IN PORT OR NI PORG?
My bro-in-law tells us this story. He used to work in Merchant Navy in his younger days. Every time the ship docked in port and crew members went ashore they had to sign themselves out in a ledger. Next to their name they wrote the words “IN PORT” so others knew they had left the ship. Now, there was this Chinese cook. Let’s call him Wong. Wong spoke no English and knew just enough alphabets to sign the ledger. One day bro-in-law looks in the ledger and here is what he finds:
First day Wong writes: IN PORT
Second day Wong writes: NI PORT
Third day Wong writes: NI PORG
From IN PORT to NI PORG!!
This may be a stretch, but the point I am trying to make is this: if you obsessively reshuffle words and piranha-nibble your writing, you can lose the sense of what you were writing about somewhere along the way. It happens in subtle stages. So instead of being safely IN PORT you could be floating in NI PORG! Does this make even sense? Well, whatever.
And here’s my parting advice: never rewrite on an empty stomach and always drink plenty of tea.
Have you beaten your writing into butter? Instead of smooth sailing have you been marooned in NI PORG? Are these silly questions? You decide.
I love a good ghost story, don’t you? So gather around folks and get yourself some tea because I am going to tell you one. It happened to my mother: we call her Oma. This story got written up in a Bengali magazine and made Oma a minor celebrity. She told it over and over to an expanding circle of fans, right up to the time she died. She was eighty and almost completely blind, by then. The story is called The Apple Pie Ghost.
Oma visited us in America in fall of ’96 from India. We took her on a road trip to California and spent a night in the tiny historic town of Julian, 50 miles northeast of San Diego. Julian is a postcard-pretty town, famous for its apple orchards. There are big pine forests and lovely lakes. We rented a cabin in the woods which we booked through the internet. The cabin looked rustic and comfy in the photos. There was a tree growing out of the floorboards and right through the roof of the front porch! It was so quaint and charming. We paid the owner (a Mrs. Fisher) with a credit card over the phone. She lived in San Diego and we could tell from her voice she was an elderly lady. “The keys are in the bar-b-que inside a coffee can, ” she said. “Put it back in the same place when you leave.”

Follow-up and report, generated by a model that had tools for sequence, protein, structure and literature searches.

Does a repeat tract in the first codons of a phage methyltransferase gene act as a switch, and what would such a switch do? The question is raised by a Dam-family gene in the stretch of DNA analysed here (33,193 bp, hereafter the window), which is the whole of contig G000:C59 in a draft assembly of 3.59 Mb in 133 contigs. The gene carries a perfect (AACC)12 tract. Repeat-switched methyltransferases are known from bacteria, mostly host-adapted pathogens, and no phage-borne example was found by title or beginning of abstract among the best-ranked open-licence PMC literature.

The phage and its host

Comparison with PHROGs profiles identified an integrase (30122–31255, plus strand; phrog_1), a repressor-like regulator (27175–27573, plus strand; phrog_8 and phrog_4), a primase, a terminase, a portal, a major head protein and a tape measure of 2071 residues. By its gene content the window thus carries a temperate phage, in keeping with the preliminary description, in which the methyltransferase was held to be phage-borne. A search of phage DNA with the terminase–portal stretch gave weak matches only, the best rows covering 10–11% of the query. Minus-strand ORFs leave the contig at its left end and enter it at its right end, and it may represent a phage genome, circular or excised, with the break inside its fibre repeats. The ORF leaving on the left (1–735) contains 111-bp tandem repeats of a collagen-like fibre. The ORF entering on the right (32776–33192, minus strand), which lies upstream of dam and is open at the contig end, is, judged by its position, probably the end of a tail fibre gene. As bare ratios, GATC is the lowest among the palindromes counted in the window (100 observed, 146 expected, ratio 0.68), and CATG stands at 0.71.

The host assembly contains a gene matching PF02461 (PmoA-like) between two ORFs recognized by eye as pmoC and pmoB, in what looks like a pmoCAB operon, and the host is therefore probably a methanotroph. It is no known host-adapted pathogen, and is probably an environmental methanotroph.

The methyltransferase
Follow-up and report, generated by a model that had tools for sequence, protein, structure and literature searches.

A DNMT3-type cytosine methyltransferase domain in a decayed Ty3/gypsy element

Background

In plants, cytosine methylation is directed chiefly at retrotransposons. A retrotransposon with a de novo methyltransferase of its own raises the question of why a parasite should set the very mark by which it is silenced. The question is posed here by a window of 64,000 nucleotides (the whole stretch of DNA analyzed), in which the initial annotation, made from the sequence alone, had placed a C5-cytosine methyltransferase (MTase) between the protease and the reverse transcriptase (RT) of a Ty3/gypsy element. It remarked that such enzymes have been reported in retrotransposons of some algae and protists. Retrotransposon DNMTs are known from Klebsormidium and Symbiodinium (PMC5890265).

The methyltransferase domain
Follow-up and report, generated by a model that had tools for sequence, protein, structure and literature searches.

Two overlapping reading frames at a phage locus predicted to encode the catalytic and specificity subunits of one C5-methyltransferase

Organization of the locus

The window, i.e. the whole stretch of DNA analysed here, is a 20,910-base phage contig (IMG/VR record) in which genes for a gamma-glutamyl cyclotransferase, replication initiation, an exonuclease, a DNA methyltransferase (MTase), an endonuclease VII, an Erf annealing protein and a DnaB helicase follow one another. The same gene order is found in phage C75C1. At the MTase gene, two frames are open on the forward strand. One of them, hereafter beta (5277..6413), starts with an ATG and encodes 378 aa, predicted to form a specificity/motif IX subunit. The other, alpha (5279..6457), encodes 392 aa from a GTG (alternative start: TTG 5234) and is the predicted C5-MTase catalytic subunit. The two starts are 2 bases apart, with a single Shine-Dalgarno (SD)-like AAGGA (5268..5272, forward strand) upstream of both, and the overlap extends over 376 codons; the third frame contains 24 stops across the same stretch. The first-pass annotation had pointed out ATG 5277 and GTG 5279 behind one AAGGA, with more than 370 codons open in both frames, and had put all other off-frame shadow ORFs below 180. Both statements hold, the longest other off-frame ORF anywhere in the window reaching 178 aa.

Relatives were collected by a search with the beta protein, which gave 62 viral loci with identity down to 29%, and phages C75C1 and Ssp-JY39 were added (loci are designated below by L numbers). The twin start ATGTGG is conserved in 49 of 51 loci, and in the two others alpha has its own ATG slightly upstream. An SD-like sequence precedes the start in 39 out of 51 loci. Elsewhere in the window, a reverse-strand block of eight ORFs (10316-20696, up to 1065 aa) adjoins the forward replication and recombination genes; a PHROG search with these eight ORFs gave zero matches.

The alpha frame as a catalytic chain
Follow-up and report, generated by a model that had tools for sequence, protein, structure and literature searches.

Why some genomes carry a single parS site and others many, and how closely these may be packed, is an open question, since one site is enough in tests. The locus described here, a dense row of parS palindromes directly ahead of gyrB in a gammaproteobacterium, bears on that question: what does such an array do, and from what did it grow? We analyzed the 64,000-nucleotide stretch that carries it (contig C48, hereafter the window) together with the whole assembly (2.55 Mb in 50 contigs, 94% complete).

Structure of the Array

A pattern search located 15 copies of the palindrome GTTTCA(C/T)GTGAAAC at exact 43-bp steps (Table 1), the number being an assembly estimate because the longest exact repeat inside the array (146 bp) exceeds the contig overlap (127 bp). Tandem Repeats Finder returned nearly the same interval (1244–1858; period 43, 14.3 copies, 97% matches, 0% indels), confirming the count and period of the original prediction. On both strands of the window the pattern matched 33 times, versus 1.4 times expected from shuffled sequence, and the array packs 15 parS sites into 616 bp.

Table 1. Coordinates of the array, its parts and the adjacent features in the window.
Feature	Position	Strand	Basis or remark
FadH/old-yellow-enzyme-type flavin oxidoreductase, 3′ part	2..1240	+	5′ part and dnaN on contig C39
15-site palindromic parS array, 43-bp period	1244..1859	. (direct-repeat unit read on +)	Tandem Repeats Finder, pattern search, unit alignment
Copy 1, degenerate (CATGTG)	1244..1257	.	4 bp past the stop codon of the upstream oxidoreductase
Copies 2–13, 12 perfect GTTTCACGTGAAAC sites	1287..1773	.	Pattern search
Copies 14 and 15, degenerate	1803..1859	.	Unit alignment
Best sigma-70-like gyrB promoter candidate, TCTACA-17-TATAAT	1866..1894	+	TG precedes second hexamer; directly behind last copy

The cabin was in a dense wooded area, rather difficult to find as the road was overrun with bushes and the marker hardly visible. It was a creaky old thing, badly in need of repair. When the wind blew the entire structure (thanks to the tree growing out of its roof) shuddered and groaned.
We had lunch in town and went for a walk. Mom got worn out and wanted to nap so we dropped her back at the cabin and hubby and me took off to fish in the lake. The sun was just sinking over the treetops when we packed up. We stopped en-route to pick up pizza before heading back to the cabin. When we arrived we found the lights blazing and Oma waiting at the door. She looked wide-eyed and anxious.
“Quick!” she said. “Something happened.”
HERE IS OMA’S VERSION OF WHAT HAPPENED “When I woke up. it was dark. I called out your names wondering if you were back. When I heard no answer, I groped my way to the living room and tried to find the light switch. Something in the living room made me feel terribly uncomfortable– like there was somebody there– a presence of sorts. Thank god I found the switch and turned on the lights. The room empty. I decided to watch some TV so I picked up the remote but when I went to sit in this big blue chair, I felt like somebody was pushing me out! I tried to sit again and I felt once more that violent resistance. It was most odd so I just went and sat down on the sofa. Suddenly I noticed a strong smell permeating the room. It was cinnamon and apples– the smell of freshly baked apple pie! I opened the oven and peeked inside. The oven was cold and there was nothing there. The windows were closed and there were no other houses around, so the smell could not be coming from outside. I was puzzling over this, when I heard a scratching on the kitchen screen door and saw a cat yowling outside trying to get in. It was all very bizarre. First that ‘thing’ not letting me sit the blue chair, then the smell of fresh apple pie and now the cat! To calm myself, I closed my eyes and tried to meditate. Next thing I knew you two were back.